What you describe is one of many myths imprinted into young minds, I guess. Norman Rockwell, wonderful illustrator that he was, did a lot to fuel the myths in the ’50s. But back then, perhaps the myths were actually closer to fact – I don’t know. Things have changed in the UK too, I guess. I don’t think neighbours there are as helpful to one another as they used to be.

    But the idea that neighbourliness should compensate for lack of proper health care provision is obscene!

  3. WWW – brainwashing has been an intrinsic part of polito/religious policy in America for many years. It’s hard to know when it started, but Hollywood was certainly used as a effective tool, closely followed by television. The American Dream only allows for a small percentage to “Fare well”. The rest have to manage as best they can.

    Twilight – the church has much to answer for. It’s been transformed into an elite club. If you spurn membership then you’re the Devil’s spawn – especially in the Heartlands, or “Bible Belt”.

    Jonathan -let me comment on your first question, then I’ll move on to your later comment:

    One has, I believe, to take account of the insularity of Americans. Europe has been a melting pot for many thousands of years, but America never looked back across the ocean. From its inception, America has done things its own way and consequently failed to learn from the mistakes Europe made throughout its long history.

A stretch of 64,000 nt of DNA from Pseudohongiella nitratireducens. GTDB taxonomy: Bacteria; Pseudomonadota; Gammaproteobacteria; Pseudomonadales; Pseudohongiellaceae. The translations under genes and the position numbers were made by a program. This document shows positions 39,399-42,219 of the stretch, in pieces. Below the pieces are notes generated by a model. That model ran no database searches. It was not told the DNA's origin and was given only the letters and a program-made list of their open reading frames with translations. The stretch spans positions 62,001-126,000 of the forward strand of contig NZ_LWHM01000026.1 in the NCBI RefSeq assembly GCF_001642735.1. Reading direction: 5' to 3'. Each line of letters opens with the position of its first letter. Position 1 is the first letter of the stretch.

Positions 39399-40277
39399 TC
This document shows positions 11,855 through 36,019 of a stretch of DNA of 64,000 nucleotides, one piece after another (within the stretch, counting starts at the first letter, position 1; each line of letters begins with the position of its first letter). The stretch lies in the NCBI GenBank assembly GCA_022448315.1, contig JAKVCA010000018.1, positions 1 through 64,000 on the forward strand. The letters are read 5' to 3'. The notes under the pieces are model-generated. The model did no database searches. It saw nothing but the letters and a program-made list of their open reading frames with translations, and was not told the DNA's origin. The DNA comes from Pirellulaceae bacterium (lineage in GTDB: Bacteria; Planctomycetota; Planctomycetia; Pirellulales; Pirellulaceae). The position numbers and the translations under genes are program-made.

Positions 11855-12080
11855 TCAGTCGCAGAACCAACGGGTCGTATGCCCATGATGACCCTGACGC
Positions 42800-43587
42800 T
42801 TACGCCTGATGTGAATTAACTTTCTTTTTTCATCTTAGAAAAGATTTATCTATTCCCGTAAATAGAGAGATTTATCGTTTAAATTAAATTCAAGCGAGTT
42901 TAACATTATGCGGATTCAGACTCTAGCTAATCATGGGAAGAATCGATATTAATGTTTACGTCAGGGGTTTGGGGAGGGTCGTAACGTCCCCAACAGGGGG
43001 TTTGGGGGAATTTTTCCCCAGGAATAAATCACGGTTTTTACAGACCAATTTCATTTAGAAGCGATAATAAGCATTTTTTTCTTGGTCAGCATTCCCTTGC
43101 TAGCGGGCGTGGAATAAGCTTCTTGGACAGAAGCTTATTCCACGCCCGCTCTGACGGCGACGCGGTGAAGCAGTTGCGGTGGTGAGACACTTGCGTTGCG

Certainly, the traits I describe in my post are common to all mankind. Americans are an integral part of the species, despite some who consider themselves vastly superior. It’s not their fault. They’re fed the indoctrination along with the baby milk. That at least some manage to mature and think for themselves is surely tribute to the tenacity of the human mind.

    Which brings me to your second comment, and an invitation to participate in the religious debate presently raging on your own blog.

    I regret I must decline the invitation. There was a time I would have jumped in with both feet, but I have learned over the years that, while the human mind is indeed tenacious in its search for truth, the power of promised immortality, coupled with the wisdom-proof dogma of ‘faith’, is so totally appealing to the Ego that logic and reason are imprisoned behind an egotistical shield with the ability to counter any argument put forward by reasonable thought.